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Recorded live at Munich’s Amerika Haus in 1981, a double album of previously unreleased performances by an exceptional trio comprised of strongly contrasting musical personalities: Norwegian saxophonist Jan Garbarek, Brazilian guitarist-pianist Egberto Gismonti and US bassist Charlie Haden.

From the early 1970s through the 1980s, ECM frequently presented concerts in the recital hall of the Amerika Haus. It was a good space for acoustic music especially, and many tapes were made to document the events there: only a few have been released thus far, an artistic treasure trove awaiting further investigation. Albums drawn from this source have included, for instance, Ralph Towner’s “Solo Concert” (1979), and the Art Ensemble of Chicago’s “Urban Bushmen” (1980). Egberto Gismonti recorded a solo set for his album “Sanfona” there in April 1981, a month that also saw two shows by the trio known as “Magico”. Engineer Martin Wieland recorded the live performances under the direction of Manfred Eicher who, three decades later, produced the present album in Oslo, mixing it with Jan Erik Kongshaug.

“Carta de Amor” means “love letter” and Egberto Gismonti says, “think of it as a message in a bottle that has taken this long to reach the shore.” In the interim the musical message has lost none of its pertinence or potency. This recording finds the protagonists two years along the road from the albums “Magico” (ECM 1151) and “Folk Songs” (ECM 1170), opening up the repertoire to admit extended improvising, changed by their experiences as a touring band, bringing in new pieces but still maintaining the taut balance of energies that made their first studio dates so arresting.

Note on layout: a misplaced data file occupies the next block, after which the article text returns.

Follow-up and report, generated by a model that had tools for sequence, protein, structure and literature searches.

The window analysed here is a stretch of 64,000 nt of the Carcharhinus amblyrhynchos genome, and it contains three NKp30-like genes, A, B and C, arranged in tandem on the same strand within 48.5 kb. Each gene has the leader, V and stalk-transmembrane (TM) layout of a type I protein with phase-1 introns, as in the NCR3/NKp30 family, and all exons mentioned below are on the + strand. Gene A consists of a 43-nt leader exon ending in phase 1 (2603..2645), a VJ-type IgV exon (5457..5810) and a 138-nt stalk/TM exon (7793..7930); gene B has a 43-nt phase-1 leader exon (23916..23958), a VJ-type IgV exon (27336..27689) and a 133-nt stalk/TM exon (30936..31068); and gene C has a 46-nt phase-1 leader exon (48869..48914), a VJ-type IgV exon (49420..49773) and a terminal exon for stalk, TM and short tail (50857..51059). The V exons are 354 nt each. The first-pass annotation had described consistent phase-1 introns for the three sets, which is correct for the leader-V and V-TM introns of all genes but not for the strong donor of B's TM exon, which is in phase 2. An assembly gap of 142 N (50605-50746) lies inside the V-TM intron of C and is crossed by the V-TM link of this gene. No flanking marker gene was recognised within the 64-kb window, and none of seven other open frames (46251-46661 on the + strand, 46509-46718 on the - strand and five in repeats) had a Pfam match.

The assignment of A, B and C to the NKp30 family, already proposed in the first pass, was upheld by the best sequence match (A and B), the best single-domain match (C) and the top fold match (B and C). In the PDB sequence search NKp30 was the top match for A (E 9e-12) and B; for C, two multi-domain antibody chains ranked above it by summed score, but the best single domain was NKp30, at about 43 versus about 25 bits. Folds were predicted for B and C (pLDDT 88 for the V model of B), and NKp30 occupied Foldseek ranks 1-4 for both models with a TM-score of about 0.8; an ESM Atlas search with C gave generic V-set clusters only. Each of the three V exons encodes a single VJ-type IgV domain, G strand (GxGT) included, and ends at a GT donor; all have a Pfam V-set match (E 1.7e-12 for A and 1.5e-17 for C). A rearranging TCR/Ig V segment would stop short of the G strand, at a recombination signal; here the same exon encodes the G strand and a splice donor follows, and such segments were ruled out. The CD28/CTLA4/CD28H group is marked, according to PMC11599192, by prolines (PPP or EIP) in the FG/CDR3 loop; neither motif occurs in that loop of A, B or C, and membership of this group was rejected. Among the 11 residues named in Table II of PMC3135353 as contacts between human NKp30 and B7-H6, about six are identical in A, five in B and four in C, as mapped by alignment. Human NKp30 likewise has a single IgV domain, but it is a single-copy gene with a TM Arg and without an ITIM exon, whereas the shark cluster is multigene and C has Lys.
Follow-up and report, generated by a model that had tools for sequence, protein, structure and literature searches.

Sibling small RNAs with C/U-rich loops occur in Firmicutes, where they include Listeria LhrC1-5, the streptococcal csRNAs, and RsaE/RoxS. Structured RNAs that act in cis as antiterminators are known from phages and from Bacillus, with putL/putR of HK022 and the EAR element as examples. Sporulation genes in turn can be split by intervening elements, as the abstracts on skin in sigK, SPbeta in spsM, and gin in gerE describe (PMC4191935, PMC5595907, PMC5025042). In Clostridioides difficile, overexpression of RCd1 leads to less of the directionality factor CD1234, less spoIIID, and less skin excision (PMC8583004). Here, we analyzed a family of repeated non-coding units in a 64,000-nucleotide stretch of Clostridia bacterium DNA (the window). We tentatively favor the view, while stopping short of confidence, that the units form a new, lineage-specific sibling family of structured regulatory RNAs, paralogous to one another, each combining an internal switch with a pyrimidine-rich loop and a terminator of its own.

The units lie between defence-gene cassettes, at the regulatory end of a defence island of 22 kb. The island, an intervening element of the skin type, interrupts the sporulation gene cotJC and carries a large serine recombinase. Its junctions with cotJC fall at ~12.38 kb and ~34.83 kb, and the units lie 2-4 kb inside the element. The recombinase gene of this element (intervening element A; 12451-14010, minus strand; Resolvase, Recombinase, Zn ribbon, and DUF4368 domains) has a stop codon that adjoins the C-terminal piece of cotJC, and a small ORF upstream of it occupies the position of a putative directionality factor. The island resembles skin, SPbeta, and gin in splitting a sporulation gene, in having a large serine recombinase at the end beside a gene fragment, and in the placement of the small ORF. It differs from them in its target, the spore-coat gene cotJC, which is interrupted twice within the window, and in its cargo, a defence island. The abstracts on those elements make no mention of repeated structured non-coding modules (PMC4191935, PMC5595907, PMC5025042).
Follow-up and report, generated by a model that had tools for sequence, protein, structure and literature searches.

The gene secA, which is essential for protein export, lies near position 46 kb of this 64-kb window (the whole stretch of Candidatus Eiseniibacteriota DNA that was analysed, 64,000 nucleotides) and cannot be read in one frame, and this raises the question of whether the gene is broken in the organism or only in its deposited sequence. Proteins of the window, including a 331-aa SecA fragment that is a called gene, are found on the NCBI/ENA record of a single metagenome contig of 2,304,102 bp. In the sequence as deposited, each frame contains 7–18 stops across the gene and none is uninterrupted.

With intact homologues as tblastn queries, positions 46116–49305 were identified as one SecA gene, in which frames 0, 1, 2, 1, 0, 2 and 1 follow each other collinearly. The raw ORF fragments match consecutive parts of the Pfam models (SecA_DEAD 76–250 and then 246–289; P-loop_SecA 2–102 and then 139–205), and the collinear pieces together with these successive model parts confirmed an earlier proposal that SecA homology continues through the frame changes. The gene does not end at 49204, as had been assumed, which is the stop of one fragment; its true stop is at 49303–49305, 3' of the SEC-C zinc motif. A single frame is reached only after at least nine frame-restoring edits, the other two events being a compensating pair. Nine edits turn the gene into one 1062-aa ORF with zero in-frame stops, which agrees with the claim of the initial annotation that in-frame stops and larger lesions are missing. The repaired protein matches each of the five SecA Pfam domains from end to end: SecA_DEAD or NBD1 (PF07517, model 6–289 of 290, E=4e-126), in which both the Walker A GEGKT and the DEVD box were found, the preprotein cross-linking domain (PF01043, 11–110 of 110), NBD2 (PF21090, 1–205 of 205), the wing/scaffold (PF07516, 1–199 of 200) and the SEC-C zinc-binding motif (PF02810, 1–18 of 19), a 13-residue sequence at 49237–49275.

The concentrated cry of Garbarek’s saxophones, the restless movement of Gismonti’s guitars and his focused, lyrical piano, and the dark tones of Haden’s bass, anchoring the music... The three musicians had a unique rapport. Manfred Eicher: “Listen to what they can create in a chamber music format, as a trio, a great instance of the art of listening, of interaction, and suspense. Two soulful notes from Jan – or Egberto or Charlie - can open up a whole new soundscape, to be sculpted and detailed by each of the musicians.”

Material heard here includes five compositions from Gismonti’s pen: “Cego Aderaldo”, “Don Quixote”, “Branquinho”, “Palhaço” and the title track, heard in two versions which open and close this enthralling double album. Garbarek brings in his Norwegian folk song arrangements plus a very freewheeling version “Spor”, incorporating collective improvisation. Haden contributes “La Pasionara”, his dedication to Spanish activist Dolores Ibárruri, a piece from the repertoire of the Liberation Music Orchestra (see “The Ballad of the Fallen”), rarely heard in small group interpretations. Magico’s 16-minute account of it does not lack for intensity. Haden’s other piece, “All That Is Beautiful”, receives its recorded debut here.

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